Democracy was born in the Western world in the form of participatory democracy, making the term participatory democracy redundant. The word participatory discloses the core meaning of popular sovereignty as self-government. In the original ancient Greek meaning, demo-kratia (“rule of the demes,” or “tribes” into which the Athenian people were divided) entailed engaged citizenship and regular participation. In modern times, however, when democracy has become associated more closely with representation, accountability, and a form of indirect government in which the people select the rulers rather than ruling themselves, participatory democracy has come to be seen as an alternative form of democracy. Consequently participatory, or direct or“strong,” democracy and representative democracy have evolved into conceptual antonyms: two fundamentally distinctive forms of democracy rooted in contrary understandings of popular sovereignty as direct self-rule by the people and indirect rule by circulating elites chosen by the people, who otherwise remain outside government.
In principle all democracy is to a certain extent participatory. Every democratic system is rooted in an act of original consent through a popularly ratified social contract or constitution as well as ongoing popular input in the form of periodic elections. To this extent, to say that democracy is consensual is to say that it is participatory. In the modern era, however, participatory democracy implies much more than original consent or periodic elections. It denotes extensive and active engagement of citizens in the governing process, often through participatory devices such as initiatives and referenda, and emphasizes the role of the citizen as an active agent in self-legislation and a real stakeholder in governance.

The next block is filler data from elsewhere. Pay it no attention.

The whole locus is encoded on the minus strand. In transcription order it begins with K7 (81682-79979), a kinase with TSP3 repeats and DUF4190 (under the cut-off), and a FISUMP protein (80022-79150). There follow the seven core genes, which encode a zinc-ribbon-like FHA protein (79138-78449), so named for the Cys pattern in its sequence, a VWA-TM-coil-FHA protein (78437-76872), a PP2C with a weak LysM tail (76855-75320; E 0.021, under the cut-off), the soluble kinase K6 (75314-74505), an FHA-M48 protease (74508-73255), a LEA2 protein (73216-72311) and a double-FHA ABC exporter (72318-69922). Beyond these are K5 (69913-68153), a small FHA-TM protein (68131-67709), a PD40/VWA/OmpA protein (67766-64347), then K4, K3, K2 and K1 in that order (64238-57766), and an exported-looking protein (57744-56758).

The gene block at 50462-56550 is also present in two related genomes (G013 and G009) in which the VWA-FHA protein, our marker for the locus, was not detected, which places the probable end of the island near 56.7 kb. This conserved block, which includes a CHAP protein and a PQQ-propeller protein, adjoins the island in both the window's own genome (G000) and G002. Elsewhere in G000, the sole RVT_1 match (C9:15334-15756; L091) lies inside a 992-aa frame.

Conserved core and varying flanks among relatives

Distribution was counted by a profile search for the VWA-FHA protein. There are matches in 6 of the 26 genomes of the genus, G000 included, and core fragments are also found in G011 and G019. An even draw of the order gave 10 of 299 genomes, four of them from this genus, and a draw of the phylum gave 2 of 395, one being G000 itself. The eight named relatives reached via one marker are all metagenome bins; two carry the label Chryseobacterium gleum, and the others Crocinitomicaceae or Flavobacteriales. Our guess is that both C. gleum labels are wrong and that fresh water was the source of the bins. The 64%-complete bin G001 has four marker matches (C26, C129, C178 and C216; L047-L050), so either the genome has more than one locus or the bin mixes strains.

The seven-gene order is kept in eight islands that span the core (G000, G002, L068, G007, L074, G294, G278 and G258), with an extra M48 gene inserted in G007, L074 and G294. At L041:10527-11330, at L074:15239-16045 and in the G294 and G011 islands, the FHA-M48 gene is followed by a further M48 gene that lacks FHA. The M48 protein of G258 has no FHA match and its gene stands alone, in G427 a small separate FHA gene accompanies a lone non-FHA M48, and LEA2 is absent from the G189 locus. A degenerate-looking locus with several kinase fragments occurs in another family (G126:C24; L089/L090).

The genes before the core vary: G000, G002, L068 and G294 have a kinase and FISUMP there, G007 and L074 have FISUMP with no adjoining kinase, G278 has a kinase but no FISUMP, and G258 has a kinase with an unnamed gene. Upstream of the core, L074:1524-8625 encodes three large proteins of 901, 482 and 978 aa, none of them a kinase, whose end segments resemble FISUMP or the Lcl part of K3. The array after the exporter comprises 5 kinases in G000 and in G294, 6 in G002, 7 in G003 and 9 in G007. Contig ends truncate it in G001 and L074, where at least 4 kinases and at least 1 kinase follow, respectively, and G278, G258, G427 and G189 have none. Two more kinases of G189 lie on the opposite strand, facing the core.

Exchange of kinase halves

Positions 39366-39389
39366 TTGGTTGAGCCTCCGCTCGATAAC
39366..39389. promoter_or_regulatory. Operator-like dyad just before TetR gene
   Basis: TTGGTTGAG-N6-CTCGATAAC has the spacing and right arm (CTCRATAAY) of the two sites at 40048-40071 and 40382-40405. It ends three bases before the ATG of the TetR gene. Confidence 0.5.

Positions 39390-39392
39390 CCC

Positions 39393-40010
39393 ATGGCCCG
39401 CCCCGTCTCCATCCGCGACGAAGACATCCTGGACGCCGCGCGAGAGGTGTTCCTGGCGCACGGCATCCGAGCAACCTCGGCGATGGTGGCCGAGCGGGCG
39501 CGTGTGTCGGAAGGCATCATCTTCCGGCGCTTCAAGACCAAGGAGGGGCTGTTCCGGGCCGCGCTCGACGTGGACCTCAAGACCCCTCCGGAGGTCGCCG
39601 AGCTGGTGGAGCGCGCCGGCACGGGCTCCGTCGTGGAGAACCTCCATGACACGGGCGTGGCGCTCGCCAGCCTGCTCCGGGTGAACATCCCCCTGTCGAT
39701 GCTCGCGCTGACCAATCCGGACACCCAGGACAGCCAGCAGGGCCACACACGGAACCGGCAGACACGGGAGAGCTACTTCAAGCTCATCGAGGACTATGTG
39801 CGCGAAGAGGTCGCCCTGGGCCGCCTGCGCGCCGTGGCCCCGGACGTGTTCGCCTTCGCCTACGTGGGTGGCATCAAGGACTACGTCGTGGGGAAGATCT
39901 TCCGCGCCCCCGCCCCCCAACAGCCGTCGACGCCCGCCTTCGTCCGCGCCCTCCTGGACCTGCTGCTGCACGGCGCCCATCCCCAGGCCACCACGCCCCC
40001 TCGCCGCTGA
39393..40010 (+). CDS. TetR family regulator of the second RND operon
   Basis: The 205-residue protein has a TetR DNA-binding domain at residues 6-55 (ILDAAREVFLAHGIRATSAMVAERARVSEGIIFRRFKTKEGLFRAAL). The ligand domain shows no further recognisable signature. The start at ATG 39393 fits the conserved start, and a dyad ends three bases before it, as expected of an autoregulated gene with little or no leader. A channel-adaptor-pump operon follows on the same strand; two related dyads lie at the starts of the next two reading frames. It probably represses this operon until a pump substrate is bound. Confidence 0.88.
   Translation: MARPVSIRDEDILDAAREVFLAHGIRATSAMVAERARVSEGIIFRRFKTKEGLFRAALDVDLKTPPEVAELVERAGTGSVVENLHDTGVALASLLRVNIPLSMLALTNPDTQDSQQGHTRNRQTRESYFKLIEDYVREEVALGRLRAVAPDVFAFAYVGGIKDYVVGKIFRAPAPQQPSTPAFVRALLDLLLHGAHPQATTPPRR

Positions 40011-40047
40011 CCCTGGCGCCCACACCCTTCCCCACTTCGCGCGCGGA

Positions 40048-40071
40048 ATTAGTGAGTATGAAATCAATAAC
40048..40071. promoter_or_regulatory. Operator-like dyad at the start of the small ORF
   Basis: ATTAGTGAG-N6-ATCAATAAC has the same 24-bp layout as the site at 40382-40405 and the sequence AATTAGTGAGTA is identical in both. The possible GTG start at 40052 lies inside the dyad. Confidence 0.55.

This is in stark contrast to representative democracy, in which the citizen becomes a passive client of government, a watchdog to whom the government remains accountable but otherwise ignores, and a periodic elector responsible for selecting those who actually govern. Philosophers of participatory democracy such as JeanJacques Rousseau (1762) and Robert Michels (1911) have understood this “thin” representative construction of democracy as contrary to the core meaning of democracy. When there is representation, the democratic principle is nullified. In Michels’s terms, under representative democracy liberty can be said to disappear along with the ballot when it is dropped into the box.
The transition from direct democracy to representative democracy was dictated at least in part by historical changes in the nature and scale of society. Democracy was born in and designed for small-scale societies: towns, poleis, principalities, and city-states of the kind found in ancientGreece, early modern Europe, and pre-Revolutionary America. In such settings active participation by citizens in governance could be seen as synonymous with democracy, both desirable and practicable. However, the transformation of city republics into larger states and empires (Rome, for example, as it moved from a town-based republic to a continental empire) created novel constraints and revealed how early direct democracy was bound by limiting conditions, such as simplicity of manners and interests, relative homogeneity of culture and religion, and a small demographic and geographic scale that allowed the citizenry to meet in common in a public place. The ideal population was perhaps five hundred to five thousand, and the maximum size was approximately twenty thousand citizens: the number of active residents engaged in politics in Athens during the Periclean Age in the mid-fifth century BCE. Aristotle had suggested that democracy could exist only on a territory a man could traverse on his way to join a democratic assembly in a single day.